It’s really emotional when old patrons come and tell me "You know, I knew you grandparents”. Or laughingly they say
"I’ve been coming here since 70’s, long before You were born”.
Q7) Do you think the print industry has suffered in recent years? What does Faqir Chand's future look like?
Abhinav : No, can’t complain. People who read books they read "books”! Nothing can replace the human experience to get lost among piles of books, exploring unknown authors, smelling the pages, touching the paper , interacting with fellow browsers and storekeeper. This is something only a brick and mortar shop can provide. This is my point of view, although I’m aware that bookstores all over the globe have shut down. But luckily, Delhi still reads "books”.
The legacy will continue! I’m hopeful About it ❤️
Q8) We have seen many shops come and go in Khan Market, yet yours remains a delightful constant. How have you managed to stay afloat in the new digital age, as well as during the pandemic?
Abhinav : The main reason for that is, we own the place. Otherwise paying rentals and running a bookstore is impossible! In Khan Market.
The LOVE we get from people, helps us stay afloat emotionally and morally, that’s all need, that’s all that keeps us going.
Even during the pandemic, we received such kind message from our customers, who’re more than just customers. Asking and hoping for our well-being. Expressing their eagerness to visit the shop post lockdown.
Q9) Out of the myriad books that line your shelves, which is your personal favourite?
Abhinav : ok, the most difficult question! To name one book that is the closest to my heart, it’ll be "The god of small things by Arundhati Roy”. Certainly the most soulful book I’ve ever read, written in a beautiful poetic style that touched each and every sense of my soul. After reading a chapter I started living with the book, could feel author’s breath on every page, was able sense the characters and relate every word and feeling. I started experiencing another world, the world which was more real than reality. Each and every line made me live, think and die at the same time. Sometimes it felt like I’ve written these lines or maybe the book already knows me and my life.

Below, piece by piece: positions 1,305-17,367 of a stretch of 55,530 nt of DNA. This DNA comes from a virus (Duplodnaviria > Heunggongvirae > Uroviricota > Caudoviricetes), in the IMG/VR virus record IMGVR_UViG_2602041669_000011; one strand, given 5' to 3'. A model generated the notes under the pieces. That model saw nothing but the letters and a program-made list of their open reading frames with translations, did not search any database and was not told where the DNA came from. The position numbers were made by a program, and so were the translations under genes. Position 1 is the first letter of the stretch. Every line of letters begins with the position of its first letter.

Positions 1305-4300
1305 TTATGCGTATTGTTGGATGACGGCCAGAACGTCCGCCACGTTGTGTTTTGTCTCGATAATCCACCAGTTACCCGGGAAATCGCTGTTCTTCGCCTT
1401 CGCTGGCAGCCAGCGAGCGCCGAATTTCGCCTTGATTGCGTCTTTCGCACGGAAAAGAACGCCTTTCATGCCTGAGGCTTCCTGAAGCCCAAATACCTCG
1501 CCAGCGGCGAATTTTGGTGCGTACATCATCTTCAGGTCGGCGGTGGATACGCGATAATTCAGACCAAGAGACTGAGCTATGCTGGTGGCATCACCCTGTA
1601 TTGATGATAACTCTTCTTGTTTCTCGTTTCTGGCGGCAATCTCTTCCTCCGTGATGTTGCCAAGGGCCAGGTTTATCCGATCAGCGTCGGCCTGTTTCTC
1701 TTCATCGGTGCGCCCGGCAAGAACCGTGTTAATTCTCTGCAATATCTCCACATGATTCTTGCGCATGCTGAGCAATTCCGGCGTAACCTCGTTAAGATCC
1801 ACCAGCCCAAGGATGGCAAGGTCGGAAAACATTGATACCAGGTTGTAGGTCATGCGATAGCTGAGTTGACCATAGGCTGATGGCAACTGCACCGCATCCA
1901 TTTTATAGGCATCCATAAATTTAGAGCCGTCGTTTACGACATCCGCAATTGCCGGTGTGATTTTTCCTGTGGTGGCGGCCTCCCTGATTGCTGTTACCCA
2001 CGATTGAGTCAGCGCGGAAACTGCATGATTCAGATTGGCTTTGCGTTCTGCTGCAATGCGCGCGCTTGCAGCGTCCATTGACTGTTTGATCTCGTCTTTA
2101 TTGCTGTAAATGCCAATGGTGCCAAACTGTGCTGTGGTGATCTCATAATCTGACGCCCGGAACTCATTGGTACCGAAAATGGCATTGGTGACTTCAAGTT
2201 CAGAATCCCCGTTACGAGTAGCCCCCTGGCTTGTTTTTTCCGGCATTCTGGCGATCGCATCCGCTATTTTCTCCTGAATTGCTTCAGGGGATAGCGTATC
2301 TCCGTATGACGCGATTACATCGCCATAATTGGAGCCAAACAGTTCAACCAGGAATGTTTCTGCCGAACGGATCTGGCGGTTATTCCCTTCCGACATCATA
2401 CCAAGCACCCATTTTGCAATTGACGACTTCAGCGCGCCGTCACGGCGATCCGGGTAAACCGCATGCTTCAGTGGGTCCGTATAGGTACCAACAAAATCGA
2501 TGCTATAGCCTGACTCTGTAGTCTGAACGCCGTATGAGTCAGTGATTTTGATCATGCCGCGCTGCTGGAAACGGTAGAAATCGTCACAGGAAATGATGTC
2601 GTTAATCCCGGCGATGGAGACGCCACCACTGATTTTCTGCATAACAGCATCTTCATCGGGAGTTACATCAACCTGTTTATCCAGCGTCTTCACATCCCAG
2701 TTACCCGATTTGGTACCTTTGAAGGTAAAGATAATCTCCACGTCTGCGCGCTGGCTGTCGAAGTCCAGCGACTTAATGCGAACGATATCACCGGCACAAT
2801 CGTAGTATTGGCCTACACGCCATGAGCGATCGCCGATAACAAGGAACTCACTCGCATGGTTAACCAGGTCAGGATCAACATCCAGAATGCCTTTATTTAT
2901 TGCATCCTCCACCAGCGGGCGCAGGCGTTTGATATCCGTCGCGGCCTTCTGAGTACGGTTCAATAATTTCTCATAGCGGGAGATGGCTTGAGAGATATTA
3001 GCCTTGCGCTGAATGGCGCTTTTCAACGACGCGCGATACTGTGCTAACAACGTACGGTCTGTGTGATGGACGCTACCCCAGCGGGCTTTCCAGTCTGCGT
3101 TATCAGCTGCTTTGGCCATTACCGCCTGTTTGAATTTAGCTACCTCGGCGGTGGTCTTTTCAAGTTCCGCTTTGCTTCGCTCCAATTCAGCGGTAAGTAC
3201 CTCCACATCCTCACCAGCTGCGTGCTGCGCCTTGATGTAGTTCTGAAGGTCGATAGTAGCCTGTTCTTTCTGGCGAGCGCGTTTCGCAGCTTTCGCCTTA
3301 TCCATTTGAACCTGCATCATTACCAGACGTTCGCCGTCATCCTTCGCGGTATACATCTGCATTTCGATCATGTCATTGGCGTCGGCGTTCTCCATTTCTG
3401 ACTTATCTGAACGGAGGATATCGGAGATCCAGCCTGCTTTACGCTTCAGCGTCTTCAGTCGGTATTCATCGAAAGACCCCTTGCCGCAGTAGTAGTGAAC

After finishing the book I felt a sense of great loss, like I’d become a part of the book or maybe the book took a part of me. I’ll probably never get out of the book, a part of my soul will always remain in there. The made me feel so much more that I can’t even express…How can i say more than words can say.
Q10) What are some books you would always recommend to your customers?
Abhinav : Oh! There are so many! It depends on the vibe I get from the person/customer asking for a recommendation. I’ll just name a few (my favourites)
- The unbearable lightness of being by Milan Kundera
- Crime and Punishment by Fyodor Dostoevsky
- One Hundred Years of Solitude by Gabriel García Márquez
- City of Djinns by William Dalrymple
- The Forty Rules of Love by Elif Shafak
- The Unwomanly Face of War by Svetlana Alexievich
- the outsider by Albert Camus
- Dozakhnama by Rabisankar Bal
Poetry! Specially Urdu Shayari, my love. My favourites are Mir taqi mir, Ghalib, Faiz, Amrita Pritam and I really really really recommend Agha shahid ali’s poetry, to everyone! I make sure, all my friends read his poems.
Thanks for reading The Literature Archive! Subscribe for free to receive new posts and support my work.